Shame and the Captives
On the edge of a small Australian town, far from the battlefields of the Second World War, a camp holds thousands of Japanese, Italian and Korean prisoners of war. The locals are unsure how to treat the 'enemy', though Alice Herman, whose young husband is himself a prisoner in Europe, becomes drawn to the Italian soldier sent to work on her father-in-law's farm. The camp commander and his deputy, each concealing a troubled private life, are disunited. And both fatally misread their Japanese captives, who burn with shame at being taken alive. The stage is set for a clash of cultures that has explosive, far-reaching consequences.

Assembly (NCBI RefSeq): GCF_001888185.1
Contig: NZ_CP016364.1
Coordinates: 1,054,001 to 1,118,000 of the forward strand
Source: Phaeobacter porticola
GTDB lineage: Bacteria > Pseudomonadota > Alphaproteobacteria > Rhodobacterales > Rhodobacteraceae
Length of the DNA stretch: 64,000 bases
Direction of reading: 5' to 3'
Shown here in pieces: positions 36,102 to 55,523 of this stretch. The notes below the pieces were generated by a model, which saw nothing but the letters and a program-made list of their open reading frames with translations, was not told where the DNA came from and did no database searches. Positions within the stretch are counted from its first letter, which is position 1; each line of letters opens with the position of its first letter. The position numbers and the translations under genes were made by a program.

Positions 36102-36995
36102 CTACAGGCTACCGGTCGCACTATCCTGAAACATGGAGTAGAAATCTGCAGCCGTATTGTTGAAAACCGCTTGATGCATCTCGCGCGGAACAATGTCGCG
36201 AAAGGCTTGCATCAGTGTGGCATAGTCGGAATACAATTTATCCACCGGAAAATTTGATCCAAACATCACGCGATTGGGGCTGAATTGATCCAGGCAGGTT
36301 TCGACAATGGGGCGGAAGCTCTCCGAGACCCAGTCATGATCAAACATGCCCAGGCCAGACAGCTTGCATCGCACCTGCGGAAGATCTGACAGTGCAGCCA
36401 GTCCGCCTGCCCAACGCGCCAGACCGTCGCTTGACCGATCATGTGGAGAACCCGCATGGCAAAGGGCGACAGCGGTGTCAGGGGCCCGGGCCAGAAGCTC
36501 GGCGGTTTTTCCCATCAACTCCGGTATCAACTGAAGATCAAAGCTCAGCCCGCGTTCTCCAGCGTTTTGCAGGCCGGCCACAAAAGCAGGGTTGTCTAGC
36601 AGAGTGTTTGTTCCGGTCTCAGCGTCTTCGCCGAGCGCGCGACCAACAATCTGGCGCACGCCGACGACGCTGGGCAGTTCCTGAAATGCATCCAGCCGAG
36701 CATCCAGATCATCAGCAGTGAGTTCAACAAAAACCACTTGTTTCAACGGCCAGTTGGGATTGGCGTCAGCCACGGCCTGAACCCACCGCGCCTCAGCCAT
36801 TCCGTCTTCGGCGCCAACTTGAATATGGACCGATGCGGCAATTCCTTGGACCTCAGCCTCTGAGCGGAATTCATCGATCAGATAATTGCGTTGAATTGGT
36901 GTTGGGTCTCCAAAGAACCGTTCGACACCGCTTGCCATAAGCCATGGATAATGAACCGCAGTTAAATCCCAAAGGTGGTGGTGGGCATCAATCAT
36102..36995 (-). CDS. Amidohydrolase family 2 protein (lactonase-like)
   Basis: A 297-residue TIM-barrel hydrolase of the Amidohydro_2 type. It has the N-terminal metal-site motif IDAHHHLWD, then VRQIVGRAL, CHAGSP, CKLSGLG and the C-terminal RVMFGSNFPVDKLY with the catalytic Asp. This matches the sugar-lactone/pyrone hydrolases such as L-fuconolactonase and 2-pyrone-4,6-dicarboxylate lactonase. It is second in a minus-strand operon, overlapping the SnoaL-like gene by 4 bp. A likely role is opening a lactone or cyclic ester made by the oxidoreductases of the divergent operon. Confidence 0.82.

'Shame and the Captives suggests that Keneally's late period is as rich as any other in his fifty-year career . . . Keneally's elegant classicism miniaturises grand narratives - here the war in the Pacific - without sacrificing subtlety . . . Shame and the Captives is sobering, horrifying, humane and even strangely uplifting.' (Literary Review)
'His writing is remarkably evocative, whether he is describing everyday occurrences or characters . . . we gain an insight into the minds of the Japanese so even if we don't empathise with their desire for a glorious death, we can comprehend it.' (Independent on Sunday)